For end-users, the “user friendliness” will be provided by market or government players, who implement the standard APIs on top of the digital identification system.
Let’s see 2 apps built on payments protocol UPI as example.
BHIM emulates digital wallets.
Whatsapp, you send money like you send memes.
How the solution ensures interoperability:
Our solution is a technology-neutral protocol. It is a set of APIs that any entity can communicate with. The central switch required to operate can be built as a public good, or we can create a market of switches that all implement the protocol. Addresses can be created by anyone, and resolved by authenticated entities.
The whole system is built on the idea that instead of giving everyone the same full-address can we instead give them a virtual address. This virtual address will only resolve for authorized entities. Moreover, it will only resolve the minimal information necessary for the task.
How the solution accounts for low connectivity environments and for users with low literacy and numeracy levels:
Connectivity is not required by the user except at the time of onboarding. Moreover, Sthan is completely retrofittable with existing address systems. Where an explicit virtual address isn’t available, Sthan can work with unstructured address text, and providers to geocode. The interoperable network allows Sthan to fetch the best geocode for that text from multiple providers, incentivizing clean databases.
Low literacy and numeracy can be solved by UX layers. An example is given above on how Whatsapp vs BHIM use Virtual Payment Addresses. Moreover, unlike any other solution, we allow users to choose their own address with no constraints.
Vision over the next three to five years to implement or grow the solution to affect the lives of more people:
Over the next few years, we want to ensure an interoperable, privacy-protecting, geocoding system in India. Simply put, there should be no address that is hard to find, without making everyone’s address easy to find. The second order effects of this through more efficient logistics, e-commerce etc. will begin to kick in.
IndiaPost, which delivers most mail in the country would be able to give a kickstart to Sthan. In return, IndiaPost will be able to unlock the value of the local knowledge of its large network of post offices, letter boxes and postmen through payments for address resolution.
How the solution team is organized:Not Registered as Any Organization
Solution lead:Employee of a company but submitting my solution independently
How many people work on the solution:1-5
Solution age:1-2 years
The organizations applicants are currently working with:
Tanuj Bhojwani - Fellow at iSPIRT. I consult on many population scale platforms for societal problems - India Stack in the past, and now the upcoming Logistics Stack. We've been designing a Sthan like system for address standardisation as part of the Logistics Stack.
Sai Sri Sathya – Founder of S20.ai, a startup democratizing AI in a privacy-preserving manner. I’m also a researcher collaborating with the Camera Culture Group at MIT Media Lab, mentor at REDX, a global AI for Impact initiative through innovation labs and student clubs and volunteer at iSPIRT, helping create large scale digital platforms for public good.
Applicant skills that can attract the different resources needed to succeed and make an impact:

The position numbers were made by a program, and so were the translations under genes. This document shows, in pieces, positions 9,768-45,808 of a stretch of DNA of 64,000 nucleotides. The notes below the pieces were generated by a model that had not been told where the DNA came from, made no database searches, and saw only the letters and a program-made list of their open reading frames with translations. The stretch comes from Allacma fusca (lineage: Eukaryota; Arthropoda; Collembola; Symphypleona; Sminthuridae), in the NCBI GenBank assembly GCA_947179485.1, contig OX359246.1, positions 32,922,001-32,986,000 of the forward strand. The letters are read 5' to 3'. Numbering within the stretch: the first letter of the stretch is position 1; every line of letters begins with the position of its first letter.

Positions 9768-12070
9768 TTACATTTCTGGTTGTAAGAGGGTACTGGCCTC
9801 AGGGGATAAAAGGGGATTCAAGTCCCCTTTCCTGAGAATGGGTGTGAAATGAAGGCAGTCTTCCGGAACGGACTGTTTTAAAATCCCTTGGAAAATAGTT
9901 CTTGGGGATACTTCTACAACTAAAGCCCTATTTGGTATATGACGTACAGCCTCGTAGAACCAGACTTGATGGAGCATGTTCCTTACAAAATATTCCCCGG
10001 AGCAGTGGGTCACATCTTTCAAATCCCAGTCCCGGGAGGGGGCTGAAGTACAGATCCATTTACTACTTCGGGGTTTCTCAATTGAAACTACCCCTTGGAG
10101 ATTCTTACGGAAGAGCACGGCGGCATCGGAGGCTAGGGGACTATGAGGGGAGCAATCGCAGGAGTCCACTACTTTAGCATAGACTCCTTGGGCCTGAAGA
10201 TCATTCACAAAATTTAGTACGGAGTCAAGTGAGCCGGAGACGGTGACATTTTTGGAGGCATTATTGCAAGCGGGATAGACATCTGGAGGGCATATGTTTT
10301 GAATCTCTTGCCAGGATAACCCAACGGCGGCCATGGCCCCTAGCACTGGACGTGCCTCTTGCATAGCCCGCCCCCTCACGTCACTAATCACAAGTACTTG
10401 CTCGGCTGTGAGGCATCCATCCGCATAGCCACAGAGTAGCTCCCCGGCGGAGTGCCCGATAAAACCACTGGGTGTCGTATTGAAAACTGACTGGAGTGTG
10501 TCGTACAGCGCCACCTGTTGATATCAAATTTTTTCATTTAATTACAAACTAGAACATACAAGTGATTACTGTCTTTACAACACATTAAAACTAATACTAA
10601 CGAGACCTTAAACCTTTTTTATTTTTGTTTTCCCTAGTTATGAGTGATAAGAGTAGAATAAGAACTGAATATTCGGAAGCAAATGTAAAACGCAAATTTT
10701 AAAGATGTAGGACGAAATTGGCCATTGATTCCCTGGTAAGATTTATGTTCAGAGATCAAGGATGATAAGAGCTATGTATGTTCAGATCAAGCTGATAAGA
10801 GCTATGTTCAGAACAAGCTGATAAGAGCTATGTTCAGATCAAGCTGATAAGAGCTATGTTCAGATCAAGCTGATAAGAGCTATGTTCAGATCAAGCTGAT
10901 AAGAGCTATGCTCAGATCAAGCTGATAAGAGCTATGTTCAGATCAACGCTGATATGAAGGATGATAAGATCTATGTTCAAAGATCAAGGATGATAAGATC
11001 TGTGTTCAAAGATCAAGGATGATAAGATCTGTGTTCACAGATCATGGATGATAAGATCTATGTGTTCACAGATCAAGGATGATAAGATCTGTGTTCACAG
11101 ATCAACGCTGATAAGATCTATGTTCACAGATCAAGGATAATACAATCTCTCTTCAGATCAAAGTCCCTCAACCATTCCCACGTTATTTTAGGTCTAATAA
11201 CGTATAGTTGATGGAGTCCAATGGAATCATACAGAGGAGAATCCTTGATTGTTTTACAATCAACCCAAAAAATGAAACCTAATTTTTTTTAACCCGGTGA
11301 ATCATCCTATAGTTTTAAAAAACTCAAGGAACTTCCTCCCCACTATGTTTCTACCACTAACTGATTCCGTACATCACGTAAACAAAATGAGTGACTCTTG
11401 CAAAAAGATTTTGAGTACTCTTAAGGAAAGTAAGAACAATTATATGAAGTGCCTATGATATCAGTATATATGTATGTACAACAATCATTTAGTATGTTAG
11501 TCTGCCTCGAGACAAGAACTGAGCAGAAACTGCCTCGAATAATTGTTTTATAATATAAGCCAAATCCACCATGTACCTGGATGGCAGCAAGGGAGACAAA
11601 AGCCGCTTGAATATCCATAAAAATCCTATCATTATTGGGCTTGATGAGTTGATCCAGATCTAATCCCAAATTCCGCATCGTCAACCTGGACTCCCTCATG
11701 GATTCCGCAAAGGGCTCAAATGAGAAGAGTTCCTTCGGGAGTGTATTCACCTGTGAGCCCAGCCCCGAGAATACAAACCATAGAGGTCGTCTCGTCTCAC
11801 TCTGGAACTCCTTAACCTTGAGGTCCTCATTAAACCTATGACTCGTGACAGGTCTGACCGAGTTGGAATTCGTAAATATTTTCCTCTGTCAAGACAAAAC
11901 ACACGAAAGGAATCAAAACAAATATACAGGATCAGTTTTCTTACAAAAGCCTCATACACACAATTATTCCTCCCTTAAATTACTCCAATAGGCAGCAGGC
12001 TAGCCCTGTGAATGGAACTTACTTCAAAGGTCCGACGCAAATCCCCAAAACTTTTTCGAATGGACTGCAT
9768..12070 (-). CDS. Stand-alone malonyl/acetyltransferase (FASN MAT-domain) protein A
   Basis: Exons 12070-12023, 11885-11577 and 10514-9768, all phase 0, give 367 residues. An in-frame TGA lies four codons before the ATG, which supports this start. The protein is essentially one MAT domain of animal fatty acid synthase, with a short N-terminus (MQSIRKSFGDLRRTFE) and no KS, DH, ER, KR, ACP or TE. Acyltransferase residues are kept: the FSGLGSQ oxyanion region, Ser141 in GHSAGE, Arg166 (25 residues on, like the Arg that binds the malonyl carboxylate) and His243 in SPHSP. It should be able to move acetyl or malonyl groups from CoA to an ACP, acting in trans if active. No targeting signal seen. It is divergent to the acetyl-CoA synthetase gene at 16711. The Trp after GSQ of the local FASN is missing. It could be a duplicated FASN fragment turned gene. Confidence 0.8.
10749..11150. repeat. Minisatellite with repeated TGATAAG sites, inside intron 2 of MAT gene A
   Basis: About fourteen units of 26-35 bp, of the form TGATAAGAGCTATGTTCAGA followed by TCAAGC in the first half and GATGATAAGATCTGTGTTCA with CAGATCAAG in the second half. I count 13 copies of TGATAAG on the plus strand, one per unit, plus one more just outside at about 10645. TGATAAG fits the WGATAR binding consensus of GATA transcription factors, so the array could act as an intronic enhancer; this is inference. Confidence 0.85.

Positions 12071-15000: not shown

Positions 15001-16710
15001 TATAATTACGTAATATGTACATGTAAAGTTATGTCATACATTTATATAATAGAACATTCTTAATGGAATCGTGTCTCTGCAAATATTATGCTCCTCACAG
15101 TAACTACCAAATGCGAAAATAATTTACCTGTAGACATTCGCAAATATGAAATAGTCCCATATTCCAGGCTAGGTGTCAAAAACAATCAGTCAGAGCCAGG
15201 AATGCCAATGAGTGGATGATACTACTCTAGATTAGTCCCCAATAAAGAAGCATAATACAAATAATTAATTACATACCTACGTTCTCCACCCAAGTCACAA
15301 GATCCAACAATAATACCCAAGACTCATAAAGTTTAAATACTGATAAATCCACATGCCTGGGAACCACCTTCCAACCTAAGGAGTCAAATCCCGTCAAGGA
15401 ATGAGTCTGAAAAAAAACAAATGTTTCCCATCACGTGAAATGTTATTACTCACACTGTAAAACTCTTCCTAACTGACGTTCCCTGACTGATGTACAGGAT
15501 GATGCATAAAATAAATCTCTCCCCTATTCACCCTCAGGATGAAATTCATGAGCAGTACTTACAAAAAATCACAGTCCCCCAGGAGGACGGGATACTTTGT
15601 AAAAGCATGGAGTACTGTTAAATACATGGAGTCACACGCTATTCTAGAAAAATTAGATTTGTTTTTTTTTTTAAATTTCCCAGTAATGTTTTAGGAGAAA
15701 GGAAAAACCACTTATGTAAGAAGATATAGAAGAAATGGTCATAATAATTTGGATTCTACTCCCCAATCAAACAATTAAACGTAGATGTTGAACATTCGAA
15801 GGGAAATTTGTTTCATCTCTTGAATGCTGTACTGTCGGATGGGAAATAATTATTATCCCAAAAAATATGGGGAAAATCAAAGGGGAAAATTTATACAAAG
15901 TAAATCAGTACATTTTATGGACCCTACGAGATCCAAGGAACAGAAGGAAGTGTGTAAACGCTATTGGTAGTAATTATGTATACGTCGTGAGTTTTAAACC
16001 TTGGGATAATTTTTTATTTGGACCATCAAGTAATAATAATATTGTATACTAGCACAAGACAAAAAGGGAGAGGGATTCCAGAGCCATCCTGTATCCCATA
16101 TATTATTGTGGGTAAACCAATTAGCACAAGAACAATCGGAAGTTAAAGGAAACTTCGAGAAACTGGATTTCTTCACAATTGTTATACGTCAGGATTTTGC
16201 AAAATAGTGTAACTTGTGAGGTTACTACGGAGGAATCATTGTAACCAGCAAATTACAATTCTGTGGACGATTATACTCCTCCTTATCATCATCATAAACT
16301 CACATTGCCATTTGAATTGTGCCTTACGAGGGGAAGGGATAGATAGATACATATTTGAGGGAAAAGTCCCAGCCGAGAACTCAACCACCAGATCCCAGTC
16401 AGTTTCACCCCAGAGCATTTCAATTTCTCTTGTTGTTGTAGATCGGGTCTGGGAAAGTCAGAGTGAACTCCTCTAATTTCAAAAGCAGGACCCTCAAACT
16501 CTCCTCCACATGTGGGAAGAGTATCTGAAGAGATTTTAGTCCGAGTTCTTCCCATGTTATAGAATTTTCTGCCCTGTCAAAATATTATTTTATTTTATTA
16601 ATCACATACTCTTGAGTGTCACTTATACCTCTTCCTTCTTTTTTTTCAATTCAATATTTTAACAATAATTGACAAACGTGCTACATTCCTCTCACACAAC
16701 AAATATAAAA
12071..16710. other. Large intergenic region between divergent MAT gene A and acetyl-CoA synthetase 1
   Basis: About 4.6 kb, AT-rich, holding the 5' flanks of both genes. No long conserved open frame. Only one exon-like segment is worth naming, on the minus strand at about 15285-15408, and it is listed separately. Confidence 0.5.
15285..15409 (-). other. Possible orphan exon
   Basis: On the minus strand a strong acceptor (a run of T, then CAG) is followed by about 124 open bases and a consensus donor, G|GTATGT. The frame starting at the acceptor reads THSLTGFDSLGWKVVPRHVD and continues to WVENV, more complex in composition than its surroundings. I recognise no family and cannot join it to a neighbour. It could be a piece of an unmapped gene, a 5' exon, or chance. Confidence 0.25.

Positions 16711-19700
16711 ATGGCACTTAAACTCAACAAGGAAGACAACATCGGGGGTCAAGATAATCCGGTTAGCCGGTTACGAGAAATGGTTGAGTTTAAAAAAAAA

We have the right mix of skills and experience to solve such problems.
Tanuj has led the effort to go from no drone regulations to creating a drone policy framework, creating a digital public good called Digital Sky, and enlisting market support on the idea.
Sathya has done extensive research on addresses and its economic impact in India and was a part of a social impact initiative by Facebook’s Connectivity Lab in developing open source generative street addressing scheme (Robocodes).
He has invented advanced proximity and mesh technology based protocols that can solve communication and several other emerging market problems.
In India, we have the nod of the Indian Government to build a Sthan-like solution.
Both Sathya & I are motivated by solving this deep problem for the economic value it will unlock in India (Sathya has a written a paper explaining how much), and hopefully the rest of the world.
Since we do this as a pro-bono consultants to the Indian government, we need very little money to solve this, mostly for occasional travel. In the past, we've been able to find sponsorship for such travel through philanthropic foundations and/or not-for-profit organisations.
The expenses to implement this in India will be borne by the government, as it is designed to be a digital public good.
Reason for applying to the Mission Billion Challenge:
We're creating Sthan in India because of our unique advantages, and networks in India. But the addressing problem is global. There are many startups and tech giants trying to solve this problem, but with a keen eye on accruing the platform power. The inherent network effects favours monopolies.
We believe that address privacy and address standardisation can only be solved together if we use the public goods philosophy, i.e. non-rivalrous and non-excludable. Hence, building them into platforms like MOSIP makes most sense. Moreover, in terms of adoption, issuing standardised Addresses while issuing id can lead to leapfrog adoption.
Key barriers to the solution:
There are some key incumbents who have built a business on maps, address scraping, geocoding and reverse geocoding. These businesses tend to enjoy the classic network effects which have concentrated the industry. Sthan creates an underlying framework for interoperability and opens up the system to multiple actors who can onboard new users and drive adoption. The main challenges we foresee :
1. Key incumbents will want to resist Sthan.
2. A well-designed incentive structure to keep running the data marketplace smoothly